Prediction of the Permeation Performance of a Candidate Space Docking Seal
The preservation of air in manned spacecraft is the utmost priority in space seal research and development. Novel elastomeric space seals were developed by NASA for future spacecraft. Because a comprehensive prediction methodology was lacking in previous seal research, the design process for these elastomeric space seals had relied heavily on prior knowledge and experimental studies. Recent developments in a compressible permeation method for space seals afforded the ability to predict leak rates for realistic silicone elastomeric space seals. The objective of the research presented herein was to provide a measure of computational validation, comparing experimental referents with corresponding computational predictions. Experimental measurements of a subscale space seal constructed with elastomer compound S0383-70 were performed at two operating temperatures (+73 and +122 °F) and two levels of closure (40 and 100%). The computational technique included a finite difference technique using a curvilinear, body-fitted grid and pseudo-time-stepping to reach steady state. The leak rate performance of the seal was then calculated from a mass flux summation at domain boundaries. The computational analysis showed sound correlation with the experimental measurements at 40% closure because the predicted leak rate values were within the bounds of the experimental uncertainty. At 100% closure, the predicted leak rates were within 16% of the corresponding experimental observations. Differences were attributed to inaccuracies of the domain and the fidelity of the model. Read More: http://arc.aiaa.org/doi/abs/10.2514/1.A32568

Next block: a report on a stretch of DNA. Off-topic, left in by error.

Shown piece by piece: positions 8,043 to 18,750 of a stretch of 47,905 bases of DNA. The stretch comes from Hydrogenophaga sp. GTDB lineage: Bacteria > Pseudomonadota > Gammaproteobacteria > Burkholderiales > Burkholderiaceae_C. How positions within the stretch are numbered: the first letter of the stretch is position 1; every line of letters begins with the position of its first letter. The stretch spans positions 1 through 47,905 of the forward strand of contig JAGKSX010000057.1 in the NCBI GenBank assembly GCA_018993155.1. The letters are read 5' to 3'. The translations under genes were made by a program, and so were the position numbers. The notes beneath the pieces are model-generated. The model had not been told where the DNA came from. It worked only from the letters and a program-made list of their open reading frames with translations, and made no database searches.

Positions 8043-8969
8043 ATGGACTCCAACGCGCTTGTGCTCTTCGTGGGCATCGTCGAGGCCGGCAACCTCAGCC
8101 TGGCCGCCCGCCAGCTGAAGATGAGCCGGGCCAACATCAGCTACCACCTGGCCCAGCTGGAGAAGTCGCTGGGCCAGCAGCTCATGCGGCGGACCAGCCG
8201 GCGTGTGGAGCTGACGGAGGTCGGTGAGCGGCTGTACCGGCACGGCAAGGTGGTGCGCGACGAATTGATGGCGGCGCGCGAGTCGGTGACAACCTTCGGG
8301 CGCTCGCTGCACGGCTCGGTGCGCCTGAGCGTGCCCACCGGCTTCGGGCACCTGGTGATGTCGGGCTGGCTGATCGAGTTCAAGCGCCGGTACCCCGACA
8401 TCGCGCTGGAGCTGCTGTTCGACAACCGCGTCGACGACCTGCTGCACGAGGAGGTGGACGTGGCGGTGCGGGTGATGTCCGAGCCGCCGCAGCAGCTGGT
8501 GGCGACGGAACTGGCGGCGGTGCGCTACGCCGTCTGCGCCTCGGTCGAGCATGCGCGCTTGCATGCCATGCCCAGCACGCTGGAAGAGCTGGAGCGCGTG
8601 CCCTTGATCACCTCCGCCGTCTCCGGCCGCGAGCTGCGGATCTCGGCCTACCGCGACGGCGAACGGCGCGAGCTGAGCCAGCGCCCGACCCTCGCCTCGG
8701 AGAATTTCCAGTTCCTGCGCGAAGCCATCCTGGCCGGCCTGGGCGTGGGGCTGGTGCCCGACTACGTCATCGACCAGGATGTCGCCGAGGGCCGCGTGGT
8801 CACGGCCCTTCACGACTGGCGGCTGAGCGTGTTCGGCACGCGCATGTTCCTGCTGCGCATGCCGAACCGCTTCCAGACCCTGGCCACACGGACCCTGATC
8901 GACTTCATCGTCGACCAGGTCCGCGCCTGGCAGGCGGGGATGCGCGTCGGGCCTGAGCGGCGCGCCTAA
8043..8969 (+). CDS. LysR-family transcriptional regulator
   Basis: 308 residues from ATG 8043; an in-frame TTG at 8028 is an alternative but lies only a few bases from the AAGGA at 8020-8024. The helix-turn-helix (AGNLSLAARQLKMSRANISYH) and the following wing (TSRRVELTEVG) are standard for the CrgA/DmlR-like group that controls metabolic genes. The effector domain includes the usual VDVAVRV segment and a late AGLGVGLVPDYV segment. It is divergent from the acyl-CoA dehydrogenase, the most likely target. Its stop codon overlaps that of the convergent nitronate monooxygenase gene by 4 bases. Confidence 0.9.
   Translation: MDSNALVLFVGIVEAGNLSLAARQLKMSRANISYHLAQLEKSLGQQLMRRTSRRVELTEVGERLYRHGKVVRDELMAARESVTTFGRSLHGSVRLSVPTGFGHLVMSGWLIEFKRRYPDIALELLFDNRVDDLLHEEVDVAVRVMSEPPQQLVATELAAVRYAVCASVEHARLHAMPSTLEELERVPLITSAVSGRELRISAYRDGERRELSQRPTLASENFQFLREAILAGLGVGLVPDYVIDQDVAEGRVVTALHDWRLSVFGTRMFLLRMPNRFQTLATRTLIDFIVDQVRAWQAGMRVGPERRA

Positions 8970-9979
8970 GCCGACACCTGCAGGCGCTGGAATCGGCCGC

Journal of Spacecraft and Rockets
Garafolo, Nicholas G. and Sawyer, Scott, "Prediction of the Permeation Performance of a Candidate Space Docking Seal" (2014). Mechanical Engineering Faculty Research. 37.